Did you know that “the pill” isn’t the only method of birth control?
Abortion is a sin. But barrier contraception is legal, moral and up to the discretion of a husband and wife.
As I said, please continue to have crotchety old celibate men and the pederasts among them keep telling women they must have a child for every year they are married in order to swell the papist ranks.
Many of those families will see this as one more good reason to depart Rome and find themselves in a Scripturally-faithful church which acknowledges no mediator nor redeemer but Christ.
“Until the Lambeth conference in 1930, all Christian churches condemned birth control as sinful.”
“ALL Christian churches” definitely does not include most Baptists who are inherently independent and not ecumenically minded.
BTW, every Catholic woman I know practices some form of birth control.
Some people just don’t want to see the forest for the trees. Aside from the direct consequences, taking the procreative aspect from the marriage bed objectifies women. Imagine being seen as an object and be found wanting. It happens.
In the rest of the country, the RCC is declining.
According to THIS PEW SURVEY
No other religion in the United States has lost more members to other faiths, or to no faith at all, than Catholicism, according to the new survey released by the Pew Forum on Religion and Public Life. The survey, conducted in 2007, found that 31 percent of Americans were raised Catholic, but less than 25 per cent of them still identify as Catholic. Roughly 10 percent of all Americans have strayed from Catholic roots, the study reported. Despite the loss, the survey shows that Catholics still represent nearly a quarter of the American population just as surveys conducted in the early 1970s found. So how does a religion lose so many members and continue to break even? It may well be that a factor in the Catholic numbers are the repeated waves of immigration, said John Green, senior fellow at the Pew Forum. The study found that almost half of all immigrants coming into the U.S. are Catholics, most of them from Latin-American countries. The wave of immigration is changing the make-up of Catholicism. Latinos represent 45 percent of all Catholics aged 18-29 years, while only accounting for 20 percent of Catholics aged 50-59. Much of Catholicisms loss can be chalked up to previous generations of immigrants assimilating into American culture and remaining less faithful to their ethnic identities and religions, Green said...
In the marketplace of American faith, Catholicism is the big loser.
No other religion in the United States has lost more members to other faiths, or to no faith at all, than Catholicism, according to the new survey released by the Pew Forum on Religion and Public Life. The survey, conducted in 2007, found that 31 percent of Americans were raised Catholic, but less than 25 per cent of them still identify as Catholic.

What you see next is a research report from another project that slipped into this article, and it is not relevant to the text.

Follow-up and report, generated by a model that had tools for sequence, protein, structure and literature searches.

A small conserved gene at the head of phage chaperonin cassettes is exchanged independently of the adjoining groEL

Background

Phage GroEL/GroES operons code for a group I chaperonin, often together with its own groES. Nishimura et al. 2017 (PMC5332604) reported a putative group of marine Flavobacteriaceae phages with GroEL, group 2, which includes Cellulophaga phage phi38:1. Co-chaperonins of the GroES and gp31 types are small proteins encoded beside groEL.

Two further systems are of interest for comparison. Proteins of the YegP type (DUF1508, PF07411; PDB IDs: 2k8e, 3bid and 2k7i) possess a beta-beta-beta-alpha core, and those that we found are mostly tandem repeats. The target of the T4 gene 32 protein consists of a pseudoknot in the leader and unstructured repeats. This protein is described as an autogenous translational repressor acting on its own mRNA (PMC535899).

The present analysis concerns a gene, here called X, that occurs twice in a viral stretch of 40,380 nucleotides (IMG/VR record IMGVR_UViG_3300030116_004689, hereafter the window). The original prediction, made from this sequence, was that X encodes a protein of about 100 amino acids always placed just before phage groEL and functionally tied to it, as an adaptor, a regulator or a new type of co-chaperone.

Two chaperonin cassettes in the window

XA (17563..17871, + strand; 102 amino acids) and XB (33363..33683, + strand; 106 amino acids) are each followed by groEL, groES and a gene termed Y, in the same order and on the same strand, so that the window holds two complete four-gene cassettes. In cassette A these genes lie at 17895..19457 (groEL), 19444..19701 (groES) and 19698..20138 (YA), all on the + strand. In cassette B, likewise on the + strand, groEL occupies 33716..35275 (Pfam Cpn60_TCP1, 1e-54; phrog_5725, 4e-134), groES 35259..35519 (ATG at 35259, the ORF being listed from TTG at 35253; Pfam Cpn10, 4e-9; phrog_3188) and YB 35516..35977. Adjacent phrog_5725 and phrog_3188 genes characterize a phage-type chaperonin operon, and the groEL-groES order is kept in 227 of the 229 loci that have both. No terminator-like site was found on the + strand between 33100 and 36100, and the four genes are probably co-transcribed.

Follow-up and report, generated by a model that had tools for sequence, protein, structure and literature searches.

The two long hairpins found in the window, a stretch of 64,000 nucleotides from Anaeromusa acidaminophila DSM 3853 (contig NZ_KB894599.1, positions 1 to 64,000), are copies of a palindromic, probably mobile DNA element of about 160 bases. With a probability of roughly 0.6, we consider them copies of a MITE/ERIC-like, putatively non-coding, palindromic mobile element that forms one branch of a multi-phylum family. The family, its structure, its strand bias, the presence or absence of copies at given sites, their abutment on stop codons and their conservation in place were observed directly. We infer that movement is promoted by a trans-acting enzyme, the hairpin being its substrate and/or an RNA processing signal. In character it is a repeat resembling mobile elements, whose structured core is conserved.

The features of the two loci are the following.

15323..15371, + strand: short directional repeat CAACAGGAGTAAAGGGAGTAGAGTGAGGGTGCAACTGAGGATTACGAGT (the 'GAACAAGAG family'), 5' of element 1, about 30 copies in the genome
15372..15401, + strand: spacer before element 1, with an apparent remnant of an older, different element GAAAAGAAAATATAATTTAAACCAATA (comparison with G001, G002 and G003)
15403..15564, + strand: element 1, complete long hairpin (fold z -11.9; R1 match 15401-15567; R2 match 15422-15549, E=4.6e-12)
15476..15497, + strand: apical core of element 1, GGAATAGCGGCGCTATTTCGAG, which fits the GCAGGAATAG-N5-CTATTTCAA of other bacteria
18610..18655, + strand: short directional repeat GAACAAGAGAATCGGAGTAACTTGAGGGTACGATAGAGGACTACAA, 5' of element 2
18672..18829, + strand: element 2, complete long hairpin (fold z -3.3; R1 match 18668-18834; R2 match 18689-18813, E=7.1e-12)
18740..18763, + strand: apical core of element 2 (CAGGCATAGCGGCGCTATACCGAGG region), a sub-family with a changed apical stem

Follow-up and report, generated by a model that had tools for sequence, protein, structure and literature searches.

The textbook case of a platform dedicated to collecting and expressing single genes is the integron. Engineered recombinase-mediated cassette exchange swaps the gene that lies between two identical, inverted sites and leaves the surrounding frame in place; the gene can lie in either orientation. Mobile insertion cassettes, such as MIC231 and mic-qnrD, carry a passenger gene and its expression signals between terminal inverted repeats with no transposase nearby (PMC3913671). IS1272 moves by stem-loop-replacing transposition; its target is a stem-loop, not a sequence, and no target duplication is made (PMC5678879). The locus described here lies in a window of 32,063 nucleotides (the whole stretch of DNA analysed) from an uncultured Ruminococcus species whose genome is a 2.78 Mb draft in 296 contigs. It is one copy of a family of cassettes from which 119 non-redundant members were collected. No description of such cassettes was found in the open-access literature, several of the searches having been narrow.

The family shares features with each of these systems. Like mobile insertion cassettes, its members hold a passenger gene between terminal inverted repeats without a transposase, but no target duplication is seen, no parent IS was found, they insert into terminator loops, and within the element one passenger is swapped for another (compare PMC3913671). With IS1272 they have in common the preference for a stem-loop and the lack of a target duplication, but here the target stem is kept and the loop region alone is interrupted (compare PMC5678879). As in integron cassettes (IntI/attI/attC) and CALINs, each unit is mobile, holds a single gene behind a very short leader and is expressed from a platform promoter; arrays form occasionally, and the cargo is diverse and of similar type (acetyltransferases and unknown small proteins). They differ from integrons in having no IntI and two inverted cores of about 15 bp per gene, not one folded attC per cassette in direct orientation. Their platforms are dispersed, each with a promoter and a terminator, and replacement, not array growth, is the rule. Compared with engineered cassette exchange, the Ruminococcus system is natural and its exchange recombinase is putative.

Roughly 10 percent of all Americans have strayed from Catholic roots, the study reported.
Despite the loss, the survey shows that Catholics still represent nearly a quarter of the American population just as surveys conducted in the early 1970s found.
So how does a religion lose so many members and continue to break even?
It may well be that a factor in the Catholic numbers are the repeated waves of immigration, said John Green, senior fellow at the Pew Forum.
The study found that almost half of all immigrants coming into the U.S. are Catholics, most of them from Latin-American countries.
The wave of immigration is changing the make-up of Catholicism. Latinos represent 45 percent of all Catholics aged 18-29 years, while only accounting for 20 percent of Catholics aged 50-59.
Much of Catholicisms loss can be chalked up to previous generations of immigrants assimilating into American culture and remaining less faithful to their ethnic identities and religions, Green said...
It's true several liberal Protestant churches are declining, but conservative Protestant churches are increasing. The Presbyterian Church in America is up almost two percent over last year.
In fact, the churches which have seen the most growth in Central and South America are reformed Protestant and Pentecostal churches.
As God wills.
You posted it but perhaps you didn't read it. I suggest you do so.
In case you didn't read the paragraphs you posted, I'll supply one of them for your understanding...
In the end, God doesn't give a pat answer about contraception. But he does provide a framework within which believers are responsible and free to make godly decisions. In fact, this framework does condemn most of the world's approach to contraceptionbut not because it's contraception. Rather, it condemns its fundamental self-centeredness (Ps. 10:4). Believing couples should soberly examine themselves as to whether they conform to this worldly selfishness and, if so, repent. Still, the biblical principles which we've considered seem to imply thatgiven right motivesGod does permit contraception.
Hopefully you have now read these few words from the OPC to comprehend the simple fact that much of the world's contraception is based on "self-centeredness" (no doubt alluding to the world-wide use of abortion as a contraceptive.)
In case you're still not getting it, I'll repeat the last four words on the subject from the Orthodox Presbyterian Church which YOU posted...
"GOD DOES PERMIT CONTRACEPTION."
The Italian cheese stands alone.
Pinging you in case you, too, had trouble reading Wagglebee’s post offering comments from the OPC which clearly differ from Rome’s restrictions.
The rapes are terrible, horrible sins.
The children that result from such violent and forced sexual assault are blessings.
“Evangelical Leaders are Ok with Contraception”
A) All of them?
B) What is wrong with contraception?
“My point is that many who consider themselves evangelical try to escape the fact that they are part of Protestantism.”
Why would anyone want to do that?